House price growth accelerated in March 2016 as buy-to-let investors rushed into the market to purchase property ahead of a hike to stamp duty at the start of the new tax year. House prices grew by 9% on average across the UK over the year to March, said the Office for National Statistics (ONS), up from a 7.6% rise the previous month. The average UK price hit £292,000.

"Housing transactions surged by 70% in March from a year ago, according to HMRC figures, as buyers rushed to complete purchases before the supplementary 3% stamp duty charge on second homes came into effect," said Richard Snook, senior economist at the consultancy firm PwC.

"This move undoubtedly drove up demand and prices in March and we would expect demand to soften over the next few months as a result. There are no signs of any Brexit- related slowdown in this month's figures, although the underlying trends are masked by the effects of the stamp duty change."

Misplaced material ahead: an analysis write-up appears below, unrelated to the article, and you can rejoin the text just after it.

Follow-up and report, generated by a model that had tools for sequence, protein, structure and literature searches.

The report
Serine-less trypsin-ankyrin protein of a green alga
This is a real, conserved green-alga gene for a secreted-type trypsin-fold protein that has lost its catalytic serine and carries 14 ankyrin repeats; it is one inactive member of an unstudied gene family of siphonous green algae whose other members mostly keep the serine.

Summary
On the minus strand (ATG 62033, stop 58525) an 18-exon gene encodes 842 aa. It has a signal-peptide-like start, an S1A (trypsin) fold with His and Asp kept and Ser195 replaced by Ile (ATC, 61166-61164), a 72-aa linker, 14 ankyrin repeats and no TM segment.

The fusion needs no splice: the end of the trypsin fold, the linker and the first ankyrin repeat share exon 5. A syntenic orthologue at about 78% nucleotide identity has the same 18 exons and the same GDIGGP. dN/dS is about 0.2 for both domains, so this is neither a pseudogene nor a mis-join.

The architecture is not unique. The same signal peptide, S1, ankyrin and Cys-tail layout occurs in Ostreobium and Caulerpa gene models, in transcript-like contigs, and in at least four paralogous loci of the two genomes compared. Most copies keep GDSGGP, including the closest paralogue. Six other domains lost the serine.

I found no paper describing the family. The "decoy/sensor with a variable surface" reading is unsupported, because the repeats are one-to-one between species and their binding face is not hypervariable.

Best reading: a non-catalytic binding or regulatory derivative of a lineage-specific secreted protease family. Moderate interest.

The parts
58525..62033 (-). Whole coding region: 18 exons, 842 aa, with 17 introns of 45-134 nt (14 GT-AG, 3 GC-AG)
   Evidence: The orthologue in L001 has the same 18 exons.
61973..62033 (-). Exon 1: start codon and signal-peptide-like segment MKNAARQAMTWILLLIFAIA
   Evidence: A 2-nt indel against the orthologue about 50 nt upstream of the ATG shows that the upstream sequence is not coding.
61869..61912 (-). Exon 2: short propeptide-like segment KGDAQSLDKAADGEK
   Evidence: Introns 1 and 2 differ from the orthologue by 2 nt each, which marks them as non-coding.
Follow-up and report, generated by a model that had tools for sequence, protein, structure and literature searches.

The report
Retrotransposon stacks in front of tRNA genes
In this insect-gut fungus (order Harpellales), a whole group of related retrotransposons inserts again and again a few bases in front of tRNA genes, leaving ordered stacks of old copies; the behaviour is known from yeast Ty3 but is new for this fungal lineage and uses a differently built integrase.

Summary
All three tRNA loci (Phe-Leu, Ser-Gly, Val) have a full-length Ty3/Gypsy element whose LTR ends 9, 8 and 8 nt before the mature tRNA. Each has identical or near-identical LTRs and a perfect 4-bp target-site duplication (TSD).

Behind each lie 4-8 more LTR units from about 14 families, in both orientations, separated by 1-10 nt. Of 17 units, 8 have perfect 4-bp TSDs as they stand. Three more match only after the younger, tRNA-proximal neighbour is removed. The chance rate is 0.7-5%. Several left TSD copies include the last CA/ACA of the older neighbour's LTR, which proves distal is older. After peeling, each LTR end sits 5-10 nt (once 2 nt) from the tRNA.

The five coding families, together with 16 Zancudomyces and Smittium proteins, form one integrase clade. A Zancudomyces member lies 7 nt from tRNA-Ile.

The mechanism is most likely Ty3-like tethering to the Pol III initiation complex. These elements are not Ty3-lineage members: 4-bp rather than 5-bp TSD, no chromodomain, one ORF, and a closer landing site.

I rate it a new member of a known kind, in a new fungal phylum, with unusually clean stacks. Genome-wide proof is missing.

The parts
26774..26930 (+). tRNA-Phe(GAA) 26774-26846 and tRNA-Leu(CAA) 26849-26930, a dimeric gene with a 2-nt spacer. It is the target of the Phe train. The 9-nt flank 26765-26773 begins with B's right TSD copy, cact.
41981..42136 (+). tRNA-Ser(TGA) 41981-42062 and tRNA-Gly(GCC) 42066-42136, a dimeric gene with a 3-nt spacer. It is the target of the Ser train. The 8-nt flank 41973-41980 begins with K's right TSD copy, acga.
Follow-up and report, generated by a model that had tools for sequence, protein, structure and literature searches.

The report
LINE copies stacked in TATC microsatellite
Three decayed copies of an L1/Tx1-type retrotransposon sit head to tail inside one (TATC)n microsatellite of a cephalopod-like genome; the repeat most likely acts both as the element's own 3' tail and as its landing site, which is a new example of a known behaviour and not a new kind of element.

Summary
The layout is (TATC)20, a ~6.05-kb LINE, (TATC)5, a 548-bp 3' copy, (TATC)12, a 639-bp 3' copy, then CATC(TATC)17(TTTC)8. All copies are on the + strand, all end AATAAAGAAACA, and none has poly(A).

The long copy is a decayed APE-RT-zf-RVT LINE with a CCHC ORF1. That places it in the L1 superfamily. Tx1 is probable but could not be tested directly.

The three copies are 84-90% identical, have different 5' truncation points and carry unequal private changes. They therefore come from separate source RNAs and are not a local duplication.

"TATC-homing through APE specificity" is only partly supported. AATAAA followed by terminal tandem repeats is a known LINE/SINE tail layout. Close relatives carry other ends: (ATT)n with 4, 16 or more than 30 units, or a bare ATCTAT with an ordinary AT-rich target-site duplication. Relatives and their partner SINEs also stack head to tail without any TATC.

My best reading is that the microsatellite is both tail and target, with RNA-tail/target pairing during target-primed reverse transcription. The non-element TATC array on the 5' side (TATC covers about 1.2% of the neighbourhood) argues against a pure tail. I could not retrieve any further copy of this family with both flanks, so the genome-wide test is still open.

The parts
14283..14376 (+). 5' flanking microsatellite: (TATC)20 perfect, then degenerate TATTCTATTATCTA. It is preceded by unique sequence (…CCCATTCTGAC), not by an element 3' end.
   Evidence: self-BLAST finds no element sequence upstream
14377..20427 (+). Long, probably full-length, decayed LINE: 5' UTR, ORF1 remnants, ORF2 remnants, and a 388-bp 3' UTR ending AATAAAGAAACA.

Regional growth rates varied widely. England's average house price rose 10.1% to £307,000 over the same period. Northern Ireland recorded a 6.4% rise to a £155,000 average and Wales a 2.1% increase to £176,000. In Scotland, the average price tumbled 6.1% over the year to £193,000, though this was because of an abnormally strong March 2015 off the back of favourable tax changes for the nation's housing market.

London was still the English region with the highest average house price at £552,000 after a 13% rise, the fastest pace of all regions. The city has a serious shortage of supply, with housebuilding running at around half the level needed to meet demand.

The north-east had the lowest average house price at £158,000, which was flat over the year. In the south-east, prices rose 12.2% to a £375,000 average. Excluding London and the south-east, where property is significantly more expensive than elsewhere, the average UK house price was £221,000.

UK housing
House prices are rising sharply across many areas of the UK, in particular London, where affordable property is in short supply iStock

A property supply shortage in England is underpinning prices. Construction is held back by skills and land shortages, and planning delays. At the same time, property demand is fuelled by a recovering economy, low interest rates, and schemes to support first-time buyers, such as Help to Buy and shared ownership.